A winding path leads to the Stone Age settlement. Here, on the lake shore, lies a small settlement from the latter part of the Mesolithic, the Ertebølle period (5400-3900 BC).
Denmark was covered by dense primeval forest. Red deers, roe deers, aurochs, wild boars, wild cats, bears and beavers were hunted with spears and, bow and arrow; fish were caught with fishing nets, leisters and traps. Most of the diet comprised fish, fish and more fish.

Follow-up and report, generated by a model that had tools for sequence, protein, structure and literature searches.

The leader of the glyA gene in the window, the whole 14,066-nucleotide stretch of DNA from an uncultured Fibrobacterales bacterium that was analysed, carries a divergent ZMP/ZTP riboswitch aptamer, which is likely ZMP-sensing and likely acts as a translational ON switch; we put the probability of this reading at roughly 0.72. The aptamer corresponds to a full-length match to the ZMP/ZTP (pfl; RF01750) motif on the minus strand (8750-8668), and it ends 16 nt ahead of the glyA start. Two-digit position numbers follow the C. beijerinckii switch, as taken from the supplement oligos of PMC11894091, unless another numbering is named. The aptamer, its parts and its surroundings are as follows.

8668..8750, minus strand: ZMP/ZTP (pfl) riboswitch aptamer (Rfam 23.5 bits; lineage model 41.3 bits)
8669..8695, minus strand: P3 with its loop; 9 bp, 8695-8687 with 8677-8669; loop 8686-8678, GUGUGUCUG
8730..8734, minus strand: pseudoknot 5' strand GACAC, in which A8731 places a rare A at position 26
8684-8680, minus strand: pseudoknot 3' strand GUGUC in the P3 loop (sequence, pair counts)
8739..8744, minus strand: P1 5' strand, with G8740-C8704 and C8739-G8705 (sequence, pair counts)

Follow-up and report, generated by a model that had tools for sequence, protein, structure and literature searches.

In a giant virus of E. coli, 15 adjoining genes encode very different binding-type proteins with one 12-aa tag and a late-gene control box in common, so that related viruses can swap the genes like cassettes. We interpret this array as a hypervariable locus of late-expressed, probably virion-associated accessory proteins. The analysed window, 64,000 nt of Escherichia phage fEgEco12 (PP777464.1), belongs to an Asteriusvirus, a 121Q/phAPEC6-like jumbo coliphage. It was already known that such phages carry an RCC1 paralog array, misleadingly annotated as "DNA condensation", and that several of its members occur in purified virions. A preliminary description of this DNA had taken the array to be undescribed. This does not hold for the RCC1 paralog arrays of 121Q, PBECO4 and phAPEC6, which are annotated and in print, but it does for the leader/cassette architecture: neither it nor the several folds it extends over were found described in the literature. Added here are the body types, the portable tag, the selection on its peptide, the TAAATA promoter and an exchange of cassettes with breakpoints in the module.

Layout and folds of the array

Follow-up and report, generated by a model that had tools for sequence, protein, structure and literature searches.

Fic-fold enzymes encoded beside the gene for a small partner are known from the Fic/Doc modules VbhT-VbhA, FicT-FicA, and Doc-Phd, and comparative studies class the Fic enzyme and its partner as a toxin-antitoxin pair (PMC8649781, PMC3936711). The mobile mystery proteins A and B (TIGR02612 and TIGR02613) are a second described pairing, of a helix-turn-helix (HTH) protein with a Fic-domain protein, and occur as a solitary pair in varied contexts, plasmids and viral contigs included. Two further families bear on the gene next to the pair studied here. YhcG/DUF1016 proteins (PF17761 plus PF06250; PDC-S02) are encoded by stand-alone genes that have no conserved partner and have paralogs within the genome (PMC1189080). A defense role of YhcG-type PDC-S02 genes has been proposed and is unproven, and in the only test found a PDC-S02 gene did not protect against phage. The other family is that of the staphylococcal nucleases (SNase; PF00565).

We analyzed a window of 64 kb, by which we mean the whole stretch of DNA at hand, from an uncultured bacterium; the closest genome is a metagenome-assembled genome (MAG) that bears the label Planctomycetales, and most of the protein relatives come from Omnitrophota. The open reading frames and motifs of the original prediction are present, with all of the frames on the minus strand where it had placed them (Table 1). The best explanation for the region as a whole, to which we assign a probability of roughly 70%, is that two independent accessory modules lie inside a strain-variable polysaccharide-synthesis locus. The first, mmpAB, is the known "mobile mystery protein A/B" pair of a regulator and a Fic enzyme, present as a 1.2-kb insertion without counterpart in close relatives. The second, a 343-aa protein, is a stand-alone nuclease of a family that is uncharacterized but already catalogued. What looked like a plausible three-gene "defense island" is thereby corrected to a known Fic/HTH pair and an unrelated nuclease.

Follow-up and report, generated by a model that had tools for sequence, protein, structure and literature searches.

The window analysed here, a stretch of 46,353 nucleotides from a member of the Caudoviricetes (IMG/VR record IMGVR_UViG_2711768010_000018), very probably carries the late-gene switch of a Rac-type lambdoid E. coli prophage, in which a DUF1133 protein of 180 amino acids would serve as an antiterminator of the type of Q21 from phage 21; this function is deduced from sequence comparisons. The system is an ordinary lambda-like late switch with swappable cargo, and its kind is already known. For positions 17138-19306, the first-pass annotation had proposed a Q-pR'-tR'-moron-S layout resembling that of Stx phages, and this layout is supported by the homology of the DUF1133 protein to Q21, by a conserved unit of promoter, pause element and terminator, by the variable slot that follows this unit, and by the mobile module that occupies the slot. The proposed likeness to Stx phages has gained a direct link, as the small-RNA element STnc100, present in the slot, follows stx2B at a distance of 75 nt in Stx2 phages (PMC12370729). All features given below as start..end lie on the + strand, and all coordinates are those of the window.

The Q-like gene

The hunter-gatherer tribes did not live in isolation. Finds of axes from the Alps show contact over great distances. Travelling the waterways in their dug-out boats people exchanged exotic gifts and perhaps marriage partners. It was through such contacts with areas to the south the local tribes learned about two revolutionary discoveries in human history – agriculture and the production of pottery.
Come and meet our Stone Age settlers in the forest.
You'll discover how people might have lived more than 7000 years ago in Northern Europe!!